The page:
A spokesman for McAdam told FoodManufacture.co.uk that ABP’s claims contained errors.
“McAdam Foods has had no awareness or knowledge, whatsoever, of any possibility of there being equine content in meat products imported and supplied by McAdam to any other company,” said the firm in a statement.
The company complied with all required food industry standards and regulations, it added.
ABP Food Group said: “Silvercrest purchased Polish beef products from McAdams Food Service. It appears now that, while Silvercrest purchased these beef products in good faith, horse DNA originating in Poland was present in some of these products.”
About 170t of beef products were bought from McAdam Foods compared with total purchases last year of 18,000t, said ABP.
But McAdam Foods said ABP “totally overstated the volumes traded”. McAdam said it delivered only 60t of imported frozen Polish pork to Silvercrest – which would account for 0.003% of the total beef bought by ABP last year.
Also, McAdam understood that the Silvercrest used supplied products within three days of arrival. But the last McAdam delivery was received by Silvercrest on November 13 2012, while horse DNA was identified at ABP in January.
It added in a statement: “McAdam Foods also confirms that ABP Silvercrest would have been entirely aware of the origin of product supplied, as this information was provided to ABP including the identification of the Polish meat processors by plant number. The Polish suppliers have been identified to the Irish authorities by McAdam Foods as Foodservice Poland, and Mipol Poland.”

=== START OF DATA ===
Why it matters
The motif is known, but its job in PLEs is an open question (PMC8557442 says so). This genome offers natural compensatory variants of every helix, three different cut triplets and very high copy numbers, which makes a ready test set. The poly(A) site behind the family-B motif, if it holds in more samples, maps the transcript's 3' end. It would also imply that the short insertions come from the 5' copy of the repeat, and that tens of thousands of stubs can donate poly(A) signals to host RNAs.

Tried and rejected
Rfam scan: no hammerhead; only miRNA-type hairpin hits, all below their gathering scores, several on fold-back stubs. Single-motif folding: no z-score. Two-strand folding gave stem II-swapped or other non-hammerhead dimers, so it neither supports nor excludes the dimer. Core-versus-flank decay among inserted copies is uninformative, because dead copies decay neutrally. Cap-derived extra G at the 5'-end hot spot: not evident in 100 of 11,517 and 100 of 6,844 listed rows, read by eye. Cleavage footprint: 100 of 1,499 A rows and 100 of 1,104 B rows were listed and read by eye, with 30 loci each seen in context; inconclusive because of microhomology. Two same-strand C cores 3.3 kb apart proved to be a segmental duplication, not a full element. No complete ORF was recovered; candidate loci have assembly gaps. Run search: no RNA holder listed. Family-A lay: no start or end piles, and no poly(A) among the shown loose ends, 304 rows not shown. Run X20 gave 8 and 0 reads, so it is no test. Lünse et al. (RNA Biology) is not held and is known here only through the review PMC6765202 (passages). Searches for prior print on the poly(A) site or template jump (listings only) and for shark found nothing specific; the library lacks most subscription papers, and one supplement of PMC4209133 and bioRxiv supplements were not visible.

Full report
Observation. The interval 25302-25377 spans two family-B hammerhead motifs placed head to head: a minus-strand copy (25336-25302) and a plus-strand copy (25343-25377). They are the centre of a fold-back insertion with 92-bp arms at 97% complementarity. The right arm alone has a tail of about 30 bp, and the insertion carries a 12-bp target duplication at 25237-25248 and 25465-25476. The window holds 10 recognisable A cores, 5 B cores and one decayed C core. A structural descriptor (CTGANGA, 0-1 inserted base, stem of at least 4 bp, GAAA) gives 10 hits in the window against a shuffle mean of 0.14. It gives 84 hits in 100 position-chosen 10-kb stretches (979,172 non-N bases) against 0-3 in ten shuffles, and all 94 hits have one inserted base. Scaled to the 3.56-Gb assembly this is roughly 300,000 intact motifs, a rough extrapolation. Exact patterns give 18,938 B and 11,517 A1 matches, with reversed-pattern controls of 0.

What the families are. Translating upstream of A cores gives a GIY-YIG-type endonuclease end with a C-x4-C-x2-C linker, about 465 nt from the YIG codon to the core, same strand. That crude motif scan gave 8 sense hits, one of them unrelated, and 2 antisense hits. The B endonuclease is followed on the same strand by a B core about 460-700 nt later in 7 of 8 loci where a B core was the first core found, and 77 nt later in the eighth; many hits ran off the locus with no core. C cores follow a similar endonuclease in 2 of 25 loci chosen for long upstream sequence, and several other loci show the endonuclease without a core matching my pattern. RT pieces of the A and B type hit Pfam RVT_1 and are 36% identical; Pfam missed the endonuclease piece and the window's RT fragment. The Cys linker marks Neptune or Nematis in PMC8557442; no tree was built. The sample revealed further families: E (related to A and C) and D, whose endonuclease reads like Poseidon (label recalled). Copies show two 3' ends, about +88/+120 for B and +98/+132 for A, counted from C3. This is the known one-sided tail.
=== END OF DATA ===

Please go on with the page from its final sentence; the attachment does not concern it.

The Irish company confirmed on Tuesday February 5 that Polish meat products were bought and imported on the basis of their being “ordered, documented, labelled and understood to be beef, and nothing else”.
McAdam said it was confident the documentation and proof given to the Irish authorities will fully exonerate the company.
This also applied to the Polish consignment delivered in early January to its customer Rangeland Foods.
Regarding the discovery of frozen beef contaminated with horse DNA at Freeza Meats’s cold store in Northern Ireland, McAdam said the product of Polish origin was stored at the plant last year on “a goodwill basis”. It had been supplied to McAdam from Poland by a UK meat trading company, it said.
McAdam Foods named a second Polish firm, Mipol, as supplying its beef products in addition to Flexi Foods.
Food Service Poland told FoodManufacture.co.uk it did not supply equine meat and that its plants complied with European standards. Read more about Food Service's denial here.
No one from Flexi Foods or Mipol Poland was available for comment when contacted by FoodManufacture.co.uk.
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